Section 3(c) defines mining lease and Section 3(d) defines a mining operation which are to the following effect: "Section 3(c) "mining lease" means a lease granted for the purpose of undertaking mining operations, and includes a sub-lease granted for such purpose; Section 3(d) "mining operations" means any operations undertaken for the purpose of winning any mineral;"

99. Section 4 of the Act contains general restriction on undertaking prospecting and mining operation. Section 4 is couched in terms of an injunction. No person shall undertake any mining operations in any area, except under and in accordance with the terms and conditions of a reconnaissance permit or of a prospecting licence or, as the case may be, of a mining lease, granted under this Act and rules made thereunder. Sub-section (1) of Section 4 is relevant in the present case which is as follows:

4. Prospecting or mining operations to be under licence or lease.-

(1) No person shall undertake any reconnaissance, prospecting or mining operations in any area, except under and in accordance with the terms and conditions of a reconnaissance permit or of a prospecting licence or, as the case may be, of a mining lease, granted under this Act and the rules made thereunder: Provided that nothing in this sub-section shall affect any prospecting or mining operations undertaken in any area in accordance with terms and conditions of a prospecting licence or mining lease granted before the commencement of this Act which is in force at such commencement: Provided further that nothing in this sub-section shall apply to any prospecting operations undertaken by the Geological Survey of India, the Indian Bureau of Mines, the Atomic Minerals Directorate for Exploration and Research of the Department of Atomic Energy of the Central Government, the Directorates of Mining and Geology of any State Government (by whatever name called), and the Mineral Exploration Corporation Limited., a Government company within the meaning of clause (45) of section 2 of the Companies Act, 2013 (18 of 2013), and any such entity that may be notified for this purpose by the Central Government]: Provided also that nothing in this subsection shall apply to any mining lease (whether called mining lease mining concession or by any other name) in force 106 immediately before the commencement of this Act in the Union territory of Goa, Daman and Diu."

100.  The use of word no person in Section 4(1) is without an exception. There is nothing in Section 4(1) to indicate that restriction contained in Section 4(1) does not apply with regard to a person who is owner of the mine. Further, word 'any area' under Section 4(1) also has significance which does not have any exception. Further phrase 'except under and in accordance with terms and condition with a mining lease granted under the Act' are also significant which make the intent and purpose of prohibition clear and loud. Section 5 contains restriction on the grant of prospecting licences and mining lease in the following words:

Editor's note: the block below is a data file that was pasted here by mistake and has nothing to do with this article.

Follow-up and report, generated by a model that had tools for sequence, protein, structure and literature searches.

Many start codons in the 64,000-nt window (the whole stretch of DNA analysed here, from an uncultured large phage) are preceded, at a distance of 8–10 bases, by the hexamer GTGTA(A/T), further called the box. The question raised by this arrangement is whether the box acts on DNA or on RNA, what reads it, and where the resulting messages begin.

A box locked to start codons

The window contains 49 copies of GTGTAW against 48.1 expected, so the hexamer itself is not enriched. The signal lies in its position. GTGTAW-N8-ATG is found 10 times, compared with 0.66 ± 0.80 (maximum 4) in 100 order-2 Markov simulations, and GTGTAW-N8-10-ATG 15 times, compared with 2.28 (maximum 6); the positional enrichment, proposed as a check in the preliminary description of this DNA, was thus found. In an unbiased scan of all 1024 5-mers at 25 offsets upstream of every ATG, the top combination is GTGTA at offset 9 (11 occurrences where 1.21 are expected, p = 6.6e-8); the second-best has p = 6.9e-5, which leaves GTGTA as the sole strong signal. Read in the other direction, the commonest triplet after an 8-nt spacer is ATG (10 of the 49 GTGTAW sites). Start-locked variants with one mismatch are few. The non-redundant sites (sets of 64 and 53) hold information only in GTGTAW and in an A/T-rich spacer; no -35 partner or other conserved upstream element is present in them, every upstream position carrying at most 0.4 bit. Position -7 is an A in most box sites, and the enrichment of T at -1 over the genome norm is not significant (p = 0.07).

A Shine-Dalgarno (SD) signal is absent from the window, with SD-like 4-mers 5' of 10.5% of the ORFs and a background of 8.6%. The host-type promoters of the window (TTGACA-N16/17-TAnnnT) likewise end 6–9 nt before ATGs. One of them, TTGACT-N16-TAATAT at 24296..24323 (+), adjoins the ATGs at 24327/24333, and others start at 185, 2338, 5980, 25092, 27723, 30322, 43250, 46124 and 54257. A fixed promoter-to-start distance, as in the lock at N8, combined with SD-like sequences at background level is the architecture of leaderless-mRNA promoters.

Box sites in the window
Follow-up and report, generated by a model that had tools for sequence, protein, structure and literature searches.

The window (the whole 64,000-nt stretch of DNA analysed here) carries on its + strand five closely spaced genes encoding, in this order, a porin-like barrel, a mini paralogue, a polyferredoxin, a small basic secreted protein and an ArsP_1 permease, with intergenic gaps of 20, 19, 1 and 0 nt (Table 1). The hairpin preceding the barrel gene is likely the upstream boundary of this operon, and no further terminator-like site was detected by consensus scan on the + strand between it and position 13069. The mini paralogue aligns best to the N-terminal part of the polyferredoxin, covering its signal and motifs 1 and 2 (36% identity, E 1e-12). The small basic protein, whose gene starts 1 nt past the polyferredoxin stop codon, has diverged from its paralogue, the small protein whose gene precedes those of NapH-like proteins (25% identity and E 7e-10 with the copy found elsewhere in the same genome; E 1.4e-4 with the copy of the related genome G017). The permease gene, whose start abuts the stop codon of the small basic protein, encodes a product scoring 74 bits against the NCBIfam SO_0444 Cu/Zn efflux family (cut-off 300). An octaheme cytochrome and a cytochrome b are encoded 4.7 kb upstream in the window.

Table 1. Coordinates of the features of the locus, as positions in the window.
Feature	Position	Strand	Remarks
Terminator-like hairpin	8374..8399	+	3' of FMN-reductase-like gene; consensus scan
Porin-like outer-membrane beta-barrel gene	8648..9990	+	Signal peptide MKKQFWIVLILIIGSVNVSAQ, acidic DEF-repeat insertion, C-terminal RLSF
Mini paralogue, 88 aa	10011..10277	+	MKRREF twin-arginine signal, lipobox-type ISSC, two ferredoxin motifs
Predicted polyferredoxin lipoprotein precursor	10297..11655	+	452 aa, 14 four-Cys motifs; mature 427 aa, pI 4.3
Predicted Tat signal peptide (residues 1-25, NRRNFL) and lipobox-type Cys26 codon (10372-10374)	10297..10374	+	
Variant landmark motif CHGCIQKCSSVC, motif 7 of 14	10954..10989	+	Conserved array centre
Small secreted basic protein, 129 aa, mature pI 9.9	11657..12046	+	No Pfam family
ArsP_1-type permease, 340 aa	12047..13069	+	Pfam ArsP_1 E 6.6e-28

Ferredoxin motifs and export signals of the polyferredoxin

5. Restrictions on the grant of prospecting licences or mining leases.-

(1) A State Government shall not grant a reconnaissance permit, prospecting licence or mining lease to any person unless such person-

(a) is an Indian national, or company as defined in 1clause (20) of section 2 of the Companies Act, 2013 (18 of 2013)]; and

(b) satisfies such conditions as may be prescribed: 107 Provided that in respect of any mineral specified in Part A and Part B of the First Schedule, no reconnaissance permit, prospecting licence or mining lease shall be granted except with the previous approval of the Central Government.

Explanation. -For the purposes of this subsection, a person shall be deemed to be an Indian national,-

(a) in the case of a firm or other association of individuals, only if all the members of the firm or members of the association are citizens of India; and

(b) in the case of an individual, only if he is a citizen of India.

(2) No mining lease shall be granted by the State Government unless it is satisfied that-

(a) there is evidence to show the existence of mineral contents in the area for which the application for a mining lease has been made in accordance with such parameters as may be prescribed for this purpose by the Central Government;

(b) there is a mining plan duly approved by the Central Government, or by the State Government, in respect of such category of mines as may be specified by the Central Government, for the development of mineral deposits in the area concerned: Provided that a mining lease may be granted upon the filing of a mining plan in accordance with a system established by the State Government for preparation, certification, and monitoring of such plan, with the approval of the Central Government.

101. The proviso to Section 5(1) is relevant since it contains a further restriction that no mining lease shall be granted with regard to any minerals specified in Para A of First Schedule except with the previous approval of the Central Government. We in the present case are concerned with coal which is in Para A of First Schedule.

102. The next provision which is relevant is Section 13 which provides for Rule making power of Central Government in respect of minerals. Section 13 subsection (1) and Section 13 sub-section (2) in so far as relevant in the present case are as follows: